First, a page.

The second case was a 56-year-old man with no past psychiatric history. Six days after starting sacubitril/valsartan (dose, 49+51mg/12h), he developed symptoms of irritability toward his family members, motivated by delusional ideation of harm with severe behavioral effects (aggression toward family members and temporarily leaving home). These symptoms were associated with psychomotor agitation and persistent general insomnia. He had no hallucinatory symptoms. The symptoms lasted a total of 25 days, during which the patient did not seek medical attention. His family members reported these symptoms to his cardiologist, who decided to stop the drug. Five days after stopping, the symptoms gradually resolved, with partial amnesia for the episode. The patient received no antipsychotic treatment. Mental state assessment was performed 2 months after the drug was stopped, confirming complete symptom resolution. Currently he is stable and under follow-up by cardiology and psychiatry.

The third case was a 33-year-old man, with history of amphetamine-induced psychosis 10 years prior, requiring short-term treatment with amisulpride; at the time of symptom onset he was not using any substances. The patient had been on treatment with sacubitril/valsartan at a subtherapeutic dose of 12+13mg/12h (due to hypotension) for 4 months. The dose was increased to 24+26mg/12h and 5 days later the patient started having delusional ideation similar to his first episode, with agitation and insomnia. When this was reported to his cardiologist, it was decided to reduce the dose to 12+13mg/12h again (which has been continued at follow-up). The patient was assessed by the psychiatrist, who already knew him, and was started on antipsychotic treatment with amisulpride. This was followed by substantial symptom improvement.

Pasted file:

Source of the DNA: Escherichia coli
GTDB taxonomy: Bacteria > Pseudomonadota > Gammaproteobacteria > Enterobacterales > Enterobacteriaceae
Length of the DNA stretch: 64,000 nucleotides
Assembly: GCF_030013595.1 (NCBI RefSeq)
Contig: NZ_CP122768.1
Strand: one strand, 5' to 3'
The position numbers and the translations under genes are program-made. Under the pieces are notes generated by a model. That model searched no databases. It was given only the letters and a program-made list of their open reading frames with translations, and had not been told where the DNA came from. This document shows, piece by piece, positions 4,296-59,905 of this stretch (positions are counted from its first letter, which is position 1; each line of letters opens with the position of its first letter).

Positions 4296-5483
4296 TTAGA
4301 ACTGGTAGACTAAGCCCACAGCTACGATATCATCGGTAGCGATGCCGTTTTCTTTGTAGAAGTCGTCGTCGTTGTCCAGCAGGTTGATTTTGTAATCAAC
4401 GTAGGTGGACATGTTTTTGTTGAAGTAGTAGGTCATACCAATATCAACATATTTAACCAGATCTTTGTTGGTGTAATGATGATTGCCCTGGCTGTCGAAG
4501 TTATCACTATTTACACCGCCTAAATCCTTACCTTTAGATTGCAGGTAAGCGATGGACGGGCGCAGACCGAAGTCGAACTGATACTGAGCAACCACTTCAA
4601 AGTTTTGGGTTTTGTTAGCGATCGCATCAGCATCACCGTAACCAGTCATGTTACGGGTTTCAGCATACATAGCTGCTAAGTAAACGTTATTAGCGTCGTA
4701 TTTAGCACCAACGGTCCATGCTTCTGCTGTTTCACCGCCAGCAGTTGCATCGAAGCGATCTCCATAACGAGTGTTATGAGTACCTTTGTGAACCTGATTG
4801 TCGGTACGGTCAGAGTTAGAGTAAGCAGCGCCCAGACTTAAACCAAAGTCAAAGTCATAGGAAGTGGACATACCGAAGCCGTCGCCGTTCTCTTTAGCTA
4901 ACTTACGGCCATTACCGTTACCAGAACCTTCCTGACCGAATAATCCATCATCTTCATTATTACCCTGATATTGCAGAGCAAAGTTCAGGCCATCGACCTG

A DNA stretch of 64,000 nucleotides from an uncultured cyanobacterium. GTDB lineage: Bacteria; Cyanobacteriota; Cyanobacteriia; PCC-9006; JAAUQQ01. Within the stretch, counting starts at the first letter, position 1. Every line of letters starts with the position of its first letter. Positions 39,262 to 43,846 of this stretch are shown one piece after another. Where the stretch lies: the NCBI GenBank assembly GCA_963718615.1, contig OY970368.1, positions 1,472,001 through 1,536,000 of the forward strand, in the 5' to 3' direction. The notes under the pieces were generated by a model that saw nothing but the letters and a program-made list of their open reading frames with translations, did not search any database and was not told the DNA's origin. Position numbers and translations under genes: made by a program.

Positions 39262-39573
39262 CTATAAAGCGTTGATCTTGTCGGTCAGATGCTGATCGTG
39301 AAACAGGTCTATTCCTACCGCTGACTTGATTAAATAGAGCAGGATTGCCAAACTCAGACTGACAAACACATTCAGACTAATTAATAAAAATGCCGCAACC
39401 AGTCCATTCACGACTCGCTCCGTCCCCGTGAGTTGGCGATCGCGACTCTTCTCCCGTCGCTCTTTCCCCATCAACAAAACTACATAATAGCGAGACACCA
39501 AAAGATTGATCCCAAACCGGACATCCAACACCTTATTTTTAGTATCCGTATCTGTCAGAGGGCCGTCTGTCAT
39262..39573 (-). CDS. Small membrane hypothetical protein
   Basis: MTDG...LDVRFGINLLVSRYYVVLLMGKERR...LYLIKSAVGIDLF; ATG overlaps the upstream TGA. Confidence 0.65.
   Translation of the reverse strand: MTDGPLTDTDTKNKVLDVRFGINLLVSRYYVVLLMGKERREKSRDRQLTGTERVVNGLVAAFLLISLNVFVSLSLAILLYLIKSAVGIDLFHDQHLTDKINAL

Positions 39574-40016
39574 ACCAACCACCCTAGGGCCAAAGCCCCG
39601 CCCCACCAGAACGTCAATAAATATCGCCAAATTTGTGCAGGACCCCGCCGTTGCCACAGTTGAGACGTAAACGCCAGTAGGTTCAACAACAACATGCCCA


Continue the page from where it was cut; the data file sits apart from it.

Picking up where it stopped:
In the 3 cases presented here, psychotic symptoms (mainly delusional) began shortly after exposure to or an increase in dose of a drug: sacubitril/valsartan. Consequently, these episodes would correspond to the diagnosis of “substance or medication induced psychotic disorder” (DSM 5 292.9; ICD 10 F19.959)5. The 3 cases involved serious adverse effects with significant clinical repercussions for the patients and their families.

Although there are limitations to the conclusions that can be drawn from these cases, we cannot ignore the timing of symptom onset in relation to starting or increasing the dose of the drug and their resolution after stopping or reducing the dose (in 1 of the cases, spontaneously, without antipsychotic treatment). This could mean that psychotic symptoms may be an uncommon adverse effect of sacubitril/valsartan. When we reviewed our patient population on treatment with sacubitril/valsartan, we found no more cases with such a direct association between taking the drug and psychiatric symptoms.

The mechanisms by which neprilysin inhibition may produce psychiatric symptoms, as well as their true incidence, remain unknown. The hypothetical accumulation of beta-amyloid protein appears unlikely, since these episodes had an acute onset and resolution. Given the lack of available evidence, further studies would be beneficial.

References
[1]
J.J. McMurray, M. Packer, A.S. Desai, et al.
Angiotensin-neprilysin inhibition versus enalapril in heart failure.
N Engl J Med., 371 (2014), pp. 993-1004
[2]
A. Perlman, B. Hirsh Raccah, I. Matok, M. Muszkat.
Cognition and dementia related adverse effects with sacubitril-valsartan: analysis of the FDA Adverse Event Report System Database. 2018.
J Card Fail., 24 (2018), pp. 533-536
[3]
N. Patel, J. Gluck.
Is Entresto good for the brain?.
World J Cardiol., 9 (2017), pp. 594
[4]
J. Wooster, E.A. Cook, D. Shipman.
Psychiatric manifestations with sacubitril/valsartan: a case report.
[5]
American Psychiatric Association. Diagnostic and statistical manual of mental disorders. 5.a ed. Arlington: American Psychiatric Association; 2013. p. 110-115.
Copyright © 2020. Sociedad Española de Cardiología